I knew I was gay at age eight when my mother’s definition of queer described me perfectly. I hid my truth and left small town Pennsylvania for the city life of Washington, DC. immediately after college graduation.
My mother carried memories of tragic family deaths and a lesbian encounter of her own. When she questioned my lifestyle and said she would “blame herself and not know what to do for the rest of her life,” I thought she might take her own life so, I lied. My father, raised in the non-traditional life of circus performers, unleashed me to be whoever I wanted to be but I continued my double life of straight daughter and gay lover.
Then becoming a teacher and high school principal, I also lived a secret nocturnal life−my triple life. Bartending in shady parts of D.C., I was hit by a rock, saw a gun pulled on my friend, and witnessed fights, arrests, and marches that pitted straights against gays. I jumped from girlfriend to girlfriend, courted a few straight girls, and dabbled in activities far different from the straight educator I portrayed by day.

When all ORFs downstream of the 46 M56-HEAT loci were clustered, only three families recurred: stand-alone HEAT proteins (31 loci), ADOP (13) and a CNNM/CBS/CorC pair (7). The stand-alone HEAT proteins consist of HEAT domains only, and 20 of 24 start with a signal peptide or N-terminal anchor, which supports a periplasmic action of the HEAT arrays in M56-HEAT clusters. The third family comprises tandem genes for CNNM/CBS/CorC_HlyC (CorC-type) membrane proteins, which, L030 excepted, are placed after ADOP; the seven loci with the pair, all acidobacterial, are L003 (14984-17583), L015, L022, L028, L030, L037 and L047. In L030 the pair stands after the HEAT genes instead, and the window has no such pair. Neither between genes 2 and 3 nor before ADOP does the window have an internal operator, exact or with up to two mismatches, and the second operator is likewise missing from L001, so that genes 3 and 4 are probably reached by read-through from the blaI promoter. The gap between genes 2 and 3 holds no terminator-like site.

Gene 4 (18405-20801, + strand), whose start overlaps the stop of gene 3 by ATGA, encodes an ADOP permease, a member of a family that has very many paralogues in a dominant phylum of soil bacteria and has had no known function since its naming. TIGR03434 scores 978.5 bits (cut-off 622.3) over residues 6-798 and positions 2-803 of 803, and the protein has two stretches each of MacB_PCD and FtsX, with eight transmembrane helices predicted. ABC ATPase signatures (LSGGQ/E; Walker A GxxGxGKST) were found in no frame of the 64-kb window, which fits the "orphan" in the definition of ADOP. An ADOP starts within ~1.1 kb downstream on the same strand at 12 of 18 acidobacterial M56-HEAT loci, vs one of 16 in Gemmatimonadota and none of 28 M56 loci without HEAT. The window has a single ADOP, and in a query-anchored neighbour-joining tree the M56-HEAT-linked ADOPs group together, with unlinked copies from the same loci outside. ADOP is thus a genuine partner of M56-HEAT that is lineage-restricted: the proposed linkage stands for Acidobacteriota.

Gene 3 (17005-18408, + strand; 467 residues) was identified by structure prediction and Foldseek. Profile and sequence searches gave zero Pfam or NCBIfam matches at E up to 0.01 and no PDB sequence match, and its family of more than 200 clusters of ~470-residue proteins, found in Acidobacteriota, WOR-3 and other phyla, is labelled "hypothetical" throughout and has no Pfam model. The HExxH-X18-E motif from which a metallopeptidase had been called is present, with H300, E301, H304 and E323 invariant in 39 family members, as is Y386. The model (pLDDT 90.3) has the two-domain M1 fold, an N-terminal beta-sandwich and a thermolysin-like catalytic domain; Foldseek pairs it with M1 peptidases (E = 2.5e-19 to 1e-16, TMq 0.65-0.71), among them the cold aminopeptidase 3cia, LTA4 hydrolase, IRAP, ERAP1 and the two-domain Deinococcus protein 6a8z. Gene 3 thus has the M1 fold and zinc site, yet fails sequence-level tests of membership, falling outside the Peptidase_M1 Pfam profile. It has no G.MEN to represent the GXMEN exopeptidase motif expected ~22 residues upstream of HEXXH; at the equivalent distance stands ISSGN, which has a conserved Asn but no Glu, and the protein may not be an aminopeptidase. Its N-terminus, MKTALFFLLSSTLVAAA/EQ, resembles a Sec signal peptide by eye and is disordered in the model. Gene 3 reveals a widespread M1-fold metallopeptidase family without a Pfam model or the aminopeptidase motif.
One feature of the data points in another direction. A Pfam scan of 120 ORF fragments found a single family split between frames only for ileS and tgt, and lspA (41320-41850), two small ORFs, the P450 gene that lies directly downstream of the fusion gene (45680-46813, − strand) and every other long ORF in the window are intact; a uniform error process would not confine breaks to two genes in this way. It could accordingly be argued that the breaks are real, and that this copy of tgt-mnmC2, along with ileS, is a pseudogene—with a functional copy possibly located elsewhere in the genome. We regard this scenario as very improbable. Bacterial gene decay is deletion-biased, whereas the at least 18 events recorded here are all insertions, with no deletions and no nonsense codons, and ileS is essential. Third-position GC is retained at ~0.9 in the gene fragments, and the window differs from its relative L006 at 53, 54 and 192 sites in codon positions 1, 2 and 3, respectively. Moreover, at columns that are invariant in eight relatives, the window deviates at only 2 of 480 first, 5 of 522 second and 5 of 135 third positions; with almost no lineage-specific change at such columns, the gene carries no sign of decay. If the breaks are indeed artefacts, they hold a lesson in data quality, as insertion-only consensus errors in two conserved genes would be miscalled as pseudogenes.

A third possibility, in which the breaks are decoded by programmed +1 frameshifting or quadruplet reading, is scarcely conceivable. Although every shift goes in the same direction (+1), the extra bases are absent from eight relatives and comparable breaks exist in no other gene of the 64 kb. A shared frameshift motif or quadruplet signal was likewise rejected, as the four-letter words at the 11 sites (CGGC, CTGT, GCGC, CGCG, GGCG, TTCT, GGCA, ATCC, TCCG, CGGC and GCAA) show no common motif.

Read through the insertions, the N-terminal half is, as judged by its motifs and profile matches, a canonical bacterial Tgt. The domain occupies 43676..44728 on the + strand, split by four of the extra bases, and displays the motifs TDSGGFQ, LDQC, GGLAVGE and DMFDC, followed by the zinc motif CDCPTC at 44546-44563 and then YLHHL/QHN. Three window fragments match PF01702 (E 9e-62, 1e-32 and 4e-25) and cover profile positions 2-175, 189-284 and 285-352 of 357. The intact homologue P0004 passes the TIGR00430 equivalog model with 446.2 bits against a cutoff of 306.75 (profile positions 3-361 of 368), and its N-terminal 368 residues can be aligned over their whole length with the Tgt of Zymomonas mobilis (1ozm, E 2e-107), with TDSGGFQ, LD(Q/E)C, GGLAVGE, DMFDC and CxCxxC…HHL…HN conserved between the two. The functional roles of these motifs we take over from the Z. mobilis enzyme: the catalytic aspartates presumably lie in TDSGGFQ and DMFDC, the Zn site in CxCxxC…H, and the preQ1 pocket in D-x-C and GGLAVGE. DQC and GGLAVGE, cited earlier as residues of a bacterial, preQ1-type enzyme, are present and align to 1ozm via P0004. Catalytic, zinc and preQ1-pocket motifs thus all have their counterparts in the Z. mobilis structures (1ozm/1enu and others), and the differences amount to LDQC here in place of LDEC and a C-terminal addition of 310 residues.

On the day of my father’s funeral, my mother proclaimed her recognition of my gayness. What I hoped would be a celebration of love and openness was anticlimactic. I had wasted too many years. My father was gone, and I had lost friends rather than share my truth.
Against the backdrop of the burgeoning LGBTQ movement, I became a courageous trailblazer and did my own coming out in a big way, I married a woman. Now I share my truth with the world and enjoy the happiness that honesty has given me.
Do not make the mistakes I made. Openly love who you love.